Representation, experiences and the life of Asian Americans and Pacific Islanders in the US


The concept of the Asian American and Pacific Islander experience in the United States was presented during an ISCORE breakout session. 

Cameron Vannoy, senior in chemistry and genetics, and Celeste Chadwick, senior in food science, presented “2020 and the Asian American Pacific Islander (AAPI) Experience in America” during their Iowa State Conference on Race and Ethnicity (ISCORE) presentation.

Their goal was to create awareness of ongoing issues within the AAPI community based on their research.

“Asian American Pacific Islander, commonly known as APPI,…include [a] person having origins in any of the original people from the far East, Southeast Asia or the Indian subcontinent,” Vannoy said.

They focused on the long-term negative effects caused before and after World War 2, the model minority myth, representation in media and, just recently, anti-Asian sentiment due to COVID-19.

Starting with some historical background, Vannoy explained how people perceived AAPI immigrants as job stealers and criminals — according to the media created back then — as they came to the U.S. during the Gold Rush of 1849. Later on, after the attack on Pearl Harbor, the U.S. became highly nationalistic and discrimination toward Asian people increased. 

Many people were left with the foreign effect, a feeling of not belonging, even if they were born in the U.S. or lived there for many years.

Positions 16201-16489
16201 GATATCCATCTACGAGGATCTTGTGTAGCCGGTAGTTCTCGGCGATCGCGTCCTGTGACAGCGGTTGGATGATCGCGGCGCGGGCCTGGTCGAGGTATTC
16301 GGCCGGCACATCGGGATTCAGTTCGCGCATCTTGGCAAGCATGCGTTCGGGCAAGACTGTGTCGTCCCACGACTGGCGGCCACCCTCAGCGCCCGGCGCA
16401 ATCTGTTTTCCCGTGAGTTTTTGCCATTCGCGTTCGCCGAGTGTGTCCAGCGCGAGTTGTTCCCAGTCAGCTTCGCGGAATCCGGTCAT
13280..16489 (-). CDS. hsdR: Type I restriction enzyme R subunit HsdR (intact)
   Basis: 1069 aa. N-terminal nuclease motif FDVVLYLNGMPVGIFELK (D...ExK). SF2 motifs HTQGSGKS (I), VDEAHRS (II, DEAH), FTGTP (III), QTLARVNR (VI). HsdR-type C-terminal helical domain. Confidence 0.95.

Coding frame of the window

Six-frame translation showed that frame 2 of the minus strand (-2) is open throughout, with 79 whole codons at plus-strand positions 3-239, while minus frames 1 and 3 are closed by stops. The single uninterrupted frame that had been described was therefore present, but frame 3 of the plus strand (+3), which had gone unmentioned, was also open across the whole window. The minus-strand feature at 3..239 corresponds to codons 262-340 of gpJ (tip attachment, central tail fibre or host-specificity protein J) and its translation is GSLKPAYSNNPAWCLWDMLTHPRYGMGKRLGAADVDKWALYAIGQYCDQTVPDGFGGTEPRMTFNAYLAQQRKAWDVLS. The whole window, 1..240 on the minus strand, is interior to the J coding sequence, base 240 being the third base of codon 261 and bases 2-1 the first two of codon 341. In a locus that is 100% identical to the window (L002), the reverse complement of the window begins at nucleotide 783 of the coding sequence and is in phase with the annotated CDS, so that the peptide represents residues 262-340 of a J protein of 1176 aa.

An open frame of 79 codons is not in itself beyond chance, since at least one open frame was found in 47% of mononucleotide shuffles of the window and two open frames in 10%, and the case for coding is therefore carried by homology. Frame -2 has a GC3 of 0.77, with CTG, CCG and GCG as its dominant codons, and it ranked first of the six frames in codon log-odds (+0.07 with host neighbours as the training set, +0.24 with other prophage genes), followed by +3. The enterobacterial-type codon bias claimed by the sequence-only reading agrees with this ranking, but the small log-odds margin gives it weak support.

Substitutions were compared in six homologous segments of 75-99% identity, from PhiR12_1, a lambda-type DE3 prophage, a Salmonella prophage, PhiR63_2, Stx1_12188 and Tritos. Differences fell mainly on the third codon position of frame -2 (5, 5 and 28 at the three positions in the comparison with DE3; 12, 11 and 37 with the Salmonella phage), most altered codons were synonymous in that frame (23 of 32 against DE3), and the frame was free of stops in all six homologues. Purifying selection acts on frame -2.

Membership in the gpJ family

Representation in the media did not help much either; Vannoy and Chadwick also discussed the lack of AAPI representation in the media. They discovered that underrepresentation in children’s films created negative impacts in children developing their identities. As for adults, representation in media impacts both men and women’s perception of themselves; some tend to develop underdiagnosed eating disorders or get unnecessary surgery to fit the Western beauty standards. 

More recently, anti-Asian sentiment increased after the spread of COVID-19. The New York Police Department reported an increase of 1,900 percent toward Asian Americans in New York City alone. Just like New York, crimes against the Asian community have been visible around the nation, so Vannoy and Chadwick encouraged the audience to not be bystanders if they ever witness something that is not right.

They also encouraged the audience to educate themselves and advocate for representation.